I trusted him, and more importantly, so did my parents. I was terrified of getting in trouble, of seeing disgust and disappointment on my parents’ faces, so I never told them of what happened to me. I was suicidal by the age of 9. My teenage years were full of anger. I hated everyone but mostly, I hated myself. Even now, in my late thirties, I have a problem facing myself in the mirror.
I wish there was someone who could have told me that it wasn’t my fault that this happened to me. I wish I could go back and hug the little girl I was and tell her that she’s precious and loved. That she hadn’t done anything wrong.
The sad thing is I know now that if my parents had known, had I told them at that time, they would have protected me, and been my champions as all parents should be to their children. I wouldn’t have been so alone. That was the biggest hurt of all. Feeling isolated.
I didn’t have any friends in school bar one. Bless her heart; she stuck with me though my mood swings and angry outburst. I was a horrible child and worse friend. She’s still one of my best friends. She still doesn’t know my past though.
My healing started with divine intervention. I was sent a message saying I was not alone. I am not a devout Christian but my relationship with god is very strong. He saved my life. My son and my husband are my cheering squad, and they keep me strong and happy.
It’s my turn now to help save others. I know I am a stronger person for having survived my childhood. I’m also in a better position to protect my child than most parents purely because I know what to watch for.
So my advice to you parents, guardians, teachers, older siblings…everyone. Our children are our greatest wealth and our future. Every child has the right to expect to be protected, by all of us, and here are some tips and ideas I’d like to share with you in this respect.
The biggest mistake we make when devising our nets of protection for our little ones is not considering the danger from within our circles of trusted people.
- 93% of victims know their abuser.
- No one gets up one morning and thinks: “..let me try molesting a child today”. Pedophiles can’t help themselves. Most of them know it is wrong and actively try to fight it. Unfortunately they don’t have a support structure either. Most will not get the help they need before it’s too late.
- Does this mean no one is above suspicion? Unfortunately, yes. Look carefully at all of them.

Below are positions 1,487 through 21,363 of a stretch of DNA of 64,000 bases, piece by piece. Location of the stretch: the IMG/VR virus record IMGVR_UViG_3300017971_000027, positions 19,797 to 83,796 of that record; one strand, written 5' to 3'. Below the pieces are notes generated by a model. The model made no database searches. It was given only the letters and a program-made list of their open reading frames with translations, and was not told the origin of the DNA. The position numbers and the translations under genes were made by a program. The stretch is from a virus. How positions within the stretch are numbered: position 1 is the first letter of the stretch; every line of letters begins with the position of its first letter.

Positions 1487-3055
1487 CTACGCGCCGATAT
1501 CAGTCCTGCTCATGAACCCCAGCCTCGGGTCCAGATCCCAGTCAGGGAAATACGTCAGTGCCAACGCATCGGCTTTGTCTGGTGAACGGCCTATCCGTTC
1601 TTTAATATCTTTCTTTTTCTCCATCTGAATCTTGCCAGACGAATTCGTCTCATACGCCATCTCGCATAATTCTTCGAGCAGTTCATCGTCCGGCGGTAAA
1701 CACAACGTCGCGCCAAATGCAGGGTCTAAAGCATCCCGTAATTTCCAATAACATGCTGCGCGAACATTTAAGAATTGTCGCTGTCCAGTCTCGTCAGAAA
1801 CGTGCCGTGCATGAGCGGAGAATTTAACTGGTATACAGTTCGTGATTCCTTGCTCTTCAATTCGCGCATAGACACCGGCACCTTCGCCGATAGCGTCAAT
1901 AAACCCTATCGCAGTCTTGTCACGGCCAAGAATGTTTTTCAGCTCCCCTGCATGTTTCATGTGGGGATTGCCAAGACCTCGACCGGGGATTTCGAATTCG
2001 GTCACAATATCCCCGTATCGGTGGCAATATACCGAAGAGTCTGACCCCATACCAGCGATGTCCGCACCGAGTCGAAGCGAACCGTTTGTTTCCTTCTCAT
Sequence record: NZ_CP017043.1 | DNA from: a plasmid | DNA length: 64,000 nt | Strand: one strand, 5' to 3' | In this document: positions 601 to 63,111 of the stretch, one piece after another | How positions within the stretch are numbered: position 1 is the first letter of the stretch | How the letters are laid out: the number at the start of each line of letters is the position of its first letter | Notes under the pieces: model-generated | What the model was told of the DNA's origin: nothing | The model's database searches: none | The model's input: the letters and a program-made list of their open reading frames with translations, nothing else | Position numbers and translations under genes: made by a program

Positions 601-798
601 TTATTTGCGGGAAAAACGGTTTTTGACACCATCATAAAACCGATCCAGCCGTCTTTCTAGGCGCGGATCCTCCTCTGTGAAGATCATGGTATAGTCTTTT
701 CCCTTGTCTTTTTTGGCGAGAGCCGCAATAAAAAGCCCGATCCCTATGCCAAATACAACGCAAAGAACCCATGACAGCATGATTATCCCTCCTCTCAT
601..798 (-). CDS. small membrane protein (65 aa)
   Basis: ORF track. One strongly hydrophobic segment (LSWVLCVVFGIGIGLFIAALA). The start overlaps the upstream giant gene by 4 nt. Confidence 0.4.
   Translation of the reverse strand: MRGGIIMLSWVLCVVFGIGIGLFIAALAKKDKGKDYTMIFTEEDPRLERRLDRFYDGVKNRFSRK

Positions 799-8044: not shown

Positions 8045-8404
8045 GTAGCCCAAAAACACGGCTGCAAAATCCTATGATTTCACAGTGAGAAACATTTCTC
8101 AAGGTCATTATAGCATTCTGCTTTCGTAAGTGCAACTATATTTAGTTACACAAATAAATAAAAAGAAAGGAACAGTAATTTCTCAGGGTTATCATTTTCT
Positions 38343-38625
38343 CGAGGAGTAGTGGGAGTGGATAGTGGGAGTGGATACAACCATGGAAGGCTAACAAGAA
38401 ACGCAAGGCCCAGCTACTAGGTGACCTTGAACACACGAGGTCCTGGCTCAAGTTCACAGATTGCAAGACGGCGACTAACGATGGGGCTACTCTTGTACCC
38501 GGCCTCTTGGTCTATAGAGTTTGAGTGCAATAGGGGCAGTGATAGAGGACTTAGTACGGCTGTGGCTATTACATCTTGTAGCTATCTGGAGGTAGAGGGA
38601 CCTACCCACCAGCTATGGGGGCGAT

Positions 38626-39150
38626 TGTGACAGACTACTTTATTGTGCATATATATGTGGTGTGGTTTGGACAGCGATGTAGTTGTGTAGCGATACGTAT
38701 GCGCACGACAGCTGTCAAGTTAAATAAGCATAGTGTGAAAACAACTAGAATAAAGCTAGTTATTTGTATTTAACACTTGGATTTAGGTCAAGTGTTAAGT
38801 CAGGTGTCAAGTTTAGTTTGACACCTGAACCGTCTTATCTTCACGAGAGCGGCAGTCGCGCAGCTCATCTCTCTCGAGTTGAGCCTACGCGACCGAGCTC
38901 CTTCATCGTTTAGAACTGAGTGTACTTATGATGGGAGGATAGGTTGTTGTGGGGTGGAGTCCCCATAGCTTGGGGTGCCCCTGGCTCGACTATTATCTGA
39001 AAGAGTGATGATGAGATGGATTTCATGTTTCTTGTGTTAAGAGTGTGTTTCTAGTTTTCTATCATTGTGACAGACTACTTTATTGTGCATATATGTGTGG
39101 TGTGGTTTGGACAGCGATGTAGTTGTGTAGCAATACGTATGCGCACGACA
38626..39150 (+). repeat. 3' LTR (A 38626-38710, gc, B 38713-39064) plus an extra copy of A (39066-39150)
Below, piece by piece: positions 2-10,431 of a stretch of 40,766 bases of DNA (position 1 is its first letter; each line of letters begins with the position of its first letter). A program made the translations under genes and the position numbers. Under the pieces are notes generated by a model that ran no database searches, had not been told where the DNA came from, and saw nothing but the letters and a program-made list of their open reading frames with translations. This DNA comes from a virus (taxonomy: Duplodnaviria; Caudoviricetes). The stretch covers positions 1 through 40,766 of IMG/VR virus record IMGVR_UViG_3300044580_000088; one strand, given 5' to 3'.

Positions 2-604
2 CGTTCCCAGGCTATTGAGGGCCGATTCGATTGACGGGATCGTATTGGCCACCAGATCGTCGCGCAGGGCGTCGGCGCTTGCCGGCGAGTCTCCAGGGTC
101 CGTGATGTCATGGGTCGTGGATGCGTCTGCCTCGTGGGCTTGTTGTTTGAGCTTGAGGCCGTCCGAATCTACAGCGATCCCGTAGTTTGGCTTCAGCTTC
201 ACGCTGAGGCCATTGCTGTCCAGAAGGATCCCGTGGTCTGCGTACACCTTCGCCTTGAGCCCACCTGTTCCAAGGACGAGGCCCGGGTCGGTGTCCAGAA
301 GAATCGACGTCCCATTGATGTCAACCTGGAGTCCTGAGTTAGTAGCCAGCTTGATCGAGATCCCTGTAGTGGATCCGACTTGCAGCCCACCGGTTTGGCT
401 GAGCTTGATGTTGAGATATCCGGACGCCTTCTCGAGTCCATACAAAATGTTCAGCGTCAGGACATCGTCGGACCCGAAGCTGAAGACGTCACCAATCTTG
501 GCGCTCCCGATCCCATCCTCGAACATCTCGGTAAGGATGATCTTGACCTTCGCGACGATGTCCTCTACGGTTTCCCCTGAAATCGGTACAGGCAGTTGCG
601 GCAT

- Your biggest indicators of danger will come from your child. Pedophiles have a high degree of self-preservation. They know they have a deep dark secret they need to hide.
Listen to your children. Not just to the words from their mouths. But most particularly from what they don’t say. Look at their behavior and how they treat themselves. Red flags to watch are:
- Changes in behavior — such as aggression, anger, hostility or hyperactivity — or changes in school performance
- Frequent absences from school or reluctance to ride the school bus/van
- Reluctance to leave school activities, as if he or she doesn’t want to go home
- Rebellious or defiant behavior
- Find it difficult to develop or maintain close personal relationships.
- Have a strong desire to live in isolation or to “hide out” from life.
- Endure physical ailments like neck, back, stomach and gynecological problems that persist despite efforts at good self-care.
- Experience feelings of sadness, fear and anger that often seem unmanageable or overwhelming.
- Undergo panics, rages, depressions, sleep disorders, or self-mutilation or have suicidal thoughts.
- Find themselves depending on alcohol, other drugs, or may develop eating disorders to cover feelings of humiliation, shame and low self-esteem.
- Exhibit signs of trauma like panic attacks, numbing of body areas, and feeling of being disconnected from their bodies.
- Attempts at running away.
- Attempts at suicide.
Talk to your children about sexuality and sexual abuse in age-appropriate terms.
- Talking openly and directly about sexuality teaches children that it is okay to talk to you when they have questions.